Seen above, an area where we nailed the ‘Big Picture’ fairly early on and constantly iterated on top of this main approach.

Environments as Part of the Gameplay Tools

Oh definitely. Some games do such a great job of it that reading the environmental queues almost becomes second nature. Rise of the Tomb Raider comes to mind recently, especially in their escape/chase scenes where you rarely hesitate on where and what to do. First and foremost, I feel environments need to flow well (e.g. not getting hung up on random small collisions) and players should never feel impeded by it in ways that feel unjustified (e.g. little wood barriers that look jump-able should never block out-of-bounds areas!). Second, I think the best way to guide the player is by contrast, whether it be through lighting, texture, model placement, etc. You see it very clearly in games like Tomb Raider and Uncharted with their contrasted climb ledges for example. In more open-ended games, we always try to catch the corner of your eye with those techniques, as you’re walking or driving along a path, to help lead off you off the beaten path and lead you to discover new locations and new points of interest. Fallout 4 is phenomenal example of that, I always get lost exploring that world for hours without even touching the main quest. For some additional watching, Game Maker’s Toolkit has covered this topic pretty well:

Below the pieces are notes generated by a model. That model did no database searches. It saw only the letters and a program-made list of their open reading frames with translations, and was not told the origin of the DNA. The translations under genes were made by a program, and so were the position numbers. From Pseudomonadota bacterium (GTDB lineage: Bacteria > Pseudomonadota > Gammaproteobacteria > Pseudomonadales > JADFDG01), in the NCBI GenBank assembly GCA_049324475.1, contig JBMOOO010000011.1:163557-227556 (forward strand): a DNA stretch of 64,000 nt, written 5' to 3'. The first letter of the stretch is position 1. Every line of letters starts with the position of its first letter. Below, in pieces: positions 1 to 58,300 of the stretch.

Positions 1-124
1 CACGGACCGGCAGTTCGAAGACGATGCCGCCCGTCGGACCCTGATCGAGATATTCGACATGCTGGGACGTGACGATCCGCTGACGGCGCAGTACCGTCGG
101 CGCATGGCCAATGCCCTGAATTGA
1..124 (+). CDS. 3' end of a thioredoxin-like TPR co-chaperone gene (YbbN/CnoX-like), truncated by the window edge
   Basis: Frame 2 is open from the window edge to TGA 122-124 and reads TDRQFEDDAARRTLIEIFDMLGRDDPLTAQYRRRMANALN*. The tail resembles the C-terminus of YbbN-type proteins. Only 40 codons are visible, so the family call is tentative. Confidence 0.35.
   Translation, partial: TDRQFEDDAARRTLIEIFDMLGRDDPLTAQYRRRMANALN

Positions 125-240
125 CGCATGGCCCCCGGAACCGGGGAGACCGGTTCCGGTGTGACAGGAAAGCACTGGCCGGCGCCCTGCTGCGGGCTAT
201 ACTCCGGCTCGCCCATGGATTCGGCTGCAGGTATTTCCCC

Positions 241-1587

First and foremost, I think vegetation brings incredible life and movement to an environment, especially when it reacts dynamically to player actions, the wind, etc. Given that games like Far Cry rely on vegetation so heavily and make up almost 60-70% of the screen real estate, vegetation most definitely plays a large role in helping establish mood and atmosphere for any given area. In Far Cry Primal, the environments that each of the 3 tribes inhabited definitely reflected them. The Udam’s Northern Arctic Tundra area for example stands in stark contrast versus the rest of the game’s lusher areas. Shapes and silhouettes are more aggressive, colors less vibrant, etc.


Seen above, the Udam tribe’s Tundra environment reflects their character.


We used a pretty SpeedTree-centric pipeline. We’d initially tightly model (to reduce dead pixels) the smaller parts we need such as branches and leaves card in 3DSMax, then we’d bring those in SpeedTree to create 3D branch clusters (rather than use a single card with baked down leaves and branches), which we would then bring into a main trunk & branches file to instantiate on, and then, from there we could get that in-engine. For modeling, we didn’t use Zbrush too heavily apart from large shape definition when making custom trunks as we’re finalizing our trees.

As for material production, we very honestly kept it fairly simple. Our Texture Artists used heavy photo-sourcing (using scientific names of trees helps great to find nice high-res images!) and leveraged nDo2 and CrazyBump masterfully to create our barks, leaves and branches.

Adapting Vegetation

If you’ve authored your vegetation with both branches and leaves being separate cards, it makes it relatively painless process to make ‘dead’ variants of some existing trees from the lusher biomes to populate snow climates (just taking out the leaf cards!). Along with leveraging the AO bake system from SpeedTree, we were able to use that as a mask and add a layer of snow or moss on the trunks depending on the biome a tree would be used in.